The Rising Middle Classes in China
Author: Li Chunling
Hardback ISBN: 978-1-84464-094-2 £65 €78 $98
E-ISBN: 9781844640904 £65 €78 $98
Paperback ISBN: 978-1-84464-445-2 £30 €42 $48
China's high-speed economic growth has created a burgeoning middle class. Despite its relatively low proportion in terms of the total population, its absolute number is considerable given China's huge population. According to conservative estimates, the Chinese middle class currently total over 100 million people. Some Chinese scholars predict that the middle class will account for 40% of China's population in the next decade, amounting to approximately 400 million. This is a huge number of people, who will exert considerable influence on China's social, economic, cultural and political sectors. This key new book gathers together the latest research results from renowned Chinese scholars who have comprehensively examined the formation of China's middle class. The coverage takes in key background issues, socioeconomic status and sociopolitical functions, the definition, values, social attitudes, income and consumption characteristics of China's rapidly expanding middle class. The Rising Middle Classes in China is divided into four parts: Observing China's Emerging Middle Class from Multiple Perspectives; Definition, Composition and Scale of China's Middle Class; Identity and Social Attitudes of China's Middle Class; Socioeconomic Status of China's Middle Class. Based on extensive survey data and case analysis, this critical new book outlines the formation process and current status of China's middle class, and predicts its future development and influence on the sociopolitical transformation of China in the 21st century. As well as appealing to all social scientists both students and academics this book will serve as an essential resource for business people around the world who want to better identify and understand a phenomenon which will impact the prosperity and opportunities of peoples and businesses around the world for generations to come.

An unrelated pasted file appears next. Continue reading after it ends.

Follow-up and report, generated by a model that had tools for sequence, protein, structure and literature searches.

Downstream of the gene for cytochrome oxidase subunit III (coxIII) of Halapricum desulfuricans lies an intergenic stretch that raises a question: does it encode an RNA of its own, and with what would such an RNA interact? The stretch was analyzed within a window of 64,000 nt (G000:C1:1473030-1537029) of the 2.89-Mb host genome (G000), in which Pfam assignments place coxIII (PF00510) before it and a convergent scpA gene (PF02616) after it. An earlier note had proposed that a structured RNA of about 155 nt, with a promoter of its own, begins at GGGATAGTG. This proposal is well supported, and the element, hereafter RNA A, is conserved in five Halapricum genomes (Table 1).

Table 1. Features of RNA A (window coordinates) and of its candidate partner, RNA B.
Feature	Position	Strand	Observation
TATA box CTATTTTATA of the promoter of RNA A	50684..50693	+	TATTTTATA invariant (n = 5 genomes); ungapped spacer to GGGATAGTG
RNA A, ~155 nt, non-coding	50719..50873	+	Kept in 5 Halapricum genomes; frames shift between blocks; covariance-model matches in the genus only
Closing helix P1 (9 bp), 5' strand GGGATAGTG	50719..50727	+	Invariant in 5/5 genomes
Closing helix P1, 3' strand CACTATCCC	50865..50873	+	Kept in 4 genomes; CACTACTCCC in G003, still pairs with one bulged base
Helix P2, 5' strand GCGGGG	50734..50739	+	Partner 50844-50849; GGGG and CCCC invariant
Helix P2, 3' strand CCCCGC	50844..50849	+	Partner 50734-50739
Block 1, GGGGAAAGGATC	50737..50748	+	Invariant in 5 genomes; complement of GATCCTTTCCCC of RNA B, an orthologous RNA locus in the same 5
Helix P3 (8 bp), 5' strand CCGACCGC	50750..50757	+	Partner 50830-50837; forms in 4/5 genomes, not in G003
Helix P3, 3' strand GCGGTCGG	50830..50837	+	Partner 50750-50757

Li Chunling, Institute of Sociology, CASS